CLEVELAND – Debate continues over the Ohio Supreme Court`s plan to adopt new rules governing access to court records, with at least one critic worried that the proposed rules fly in the face of constitutional law.
Until Dec. 19, the high court is accepting public comments and criticism to help refine the rules regarding access to court records until they are be formally adopted, a process that may begin as early as next spring, said Chief Justice Thomas Moyer.
The proposed rules will be the first in the state`s history, Moyer said. The Supreme Court has constitutional authority over court records, but historically, the state has turned to the state`s public-records laws, passed by the legislature.
The rules, based on the presumption that the records should be available unless someone moves to have them sealed, will help bolster the public`s right to access court documents, Moyer said. Those who wish to close a record must then prove why the public should not be able to access it, he said.
Each of the state`s judges will use the rules on a case-by-case basis.
“When a court says there is a presumption â€˜that court records are open to inspection,` that means the person who wants to close the record has the burden of proving or showing why the record should be closed,” Moyer said.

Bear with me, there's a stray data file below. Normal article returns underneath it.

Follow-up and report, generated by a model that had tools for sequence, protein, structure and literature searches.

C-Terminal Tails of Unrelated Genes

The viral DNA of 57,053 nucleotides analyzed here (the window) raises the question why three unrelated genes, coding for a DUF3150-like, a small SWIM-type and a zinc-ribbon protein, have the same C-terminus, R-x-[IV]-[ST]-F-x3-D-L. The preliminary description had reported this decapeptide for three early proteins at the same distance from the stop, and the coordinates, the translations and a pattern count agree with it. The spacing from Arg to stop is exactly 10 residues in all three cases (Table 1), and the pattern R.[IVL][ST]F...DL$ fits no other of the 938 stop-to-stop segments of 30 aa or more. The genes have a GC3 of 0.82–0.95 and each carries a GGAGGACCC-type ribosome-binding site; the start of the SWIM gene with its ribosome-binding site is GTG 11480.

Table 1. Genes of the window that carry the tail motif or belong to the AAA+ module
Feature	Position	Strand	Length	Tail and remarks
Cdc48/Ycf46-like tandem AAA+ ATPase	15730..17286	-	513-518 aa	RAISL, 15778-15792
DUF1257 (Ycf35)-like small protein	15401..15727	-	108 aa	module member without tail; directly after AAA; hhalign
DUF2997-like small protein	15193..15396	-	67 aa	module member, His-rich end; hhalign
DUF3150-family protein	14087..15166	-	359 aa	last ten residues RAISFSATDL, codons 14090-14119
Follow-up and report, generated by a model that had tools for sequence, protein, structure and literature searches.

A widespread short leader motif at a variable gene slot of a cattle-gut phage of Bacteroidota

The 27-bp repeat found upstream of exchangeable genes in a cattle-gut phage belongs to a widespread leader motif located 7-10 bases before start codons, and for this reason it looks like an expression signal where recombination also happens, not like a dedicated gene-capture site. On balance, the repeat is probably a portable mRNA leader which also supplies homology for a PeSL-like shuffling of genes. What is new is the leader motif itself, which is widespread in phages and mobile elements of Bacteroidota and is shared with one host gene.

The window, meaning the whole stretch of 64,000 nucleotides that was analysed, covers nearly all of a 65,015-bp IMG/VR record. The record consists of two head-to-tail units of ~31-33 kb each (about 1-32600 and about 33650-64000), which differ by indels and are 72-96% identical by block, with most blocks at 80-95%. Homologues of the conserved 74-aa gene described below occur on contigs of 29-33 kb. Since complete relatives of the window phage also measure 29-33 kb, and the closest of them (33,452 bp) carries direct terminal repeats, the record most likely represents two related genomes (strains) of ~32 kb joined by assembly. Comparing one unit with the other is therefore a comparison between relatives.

Cleveland lawyer David Marburger, a public records expert, said the new rules are “very good” in the respect that they give judges the ability to make case-by-case determinations. However, some of the proposed language is troubling because it reverses the presumption of openness, Marburger said.
For instance, a judge may rule that a record is not public if there is another way for a person to get the information, Marburger said.
“The proposed rule would instead have the practical effect of telling the public: â€˜If you can find out the information some other way, then you have no right to see this record,` ” he said.
One provision calls for the partial omission of personal information that could be lifted by identity thieves.
However, some critics who have written to the court during the public comment phase believe that the provision will allow people to conceal their information with no true concern for identity theft.
“There has been a recent rise of applicants submitting inaccurate information in an effort to cover their past,” said Vince Catalogna, a Columbus private investigator who screens police and fire job applicants.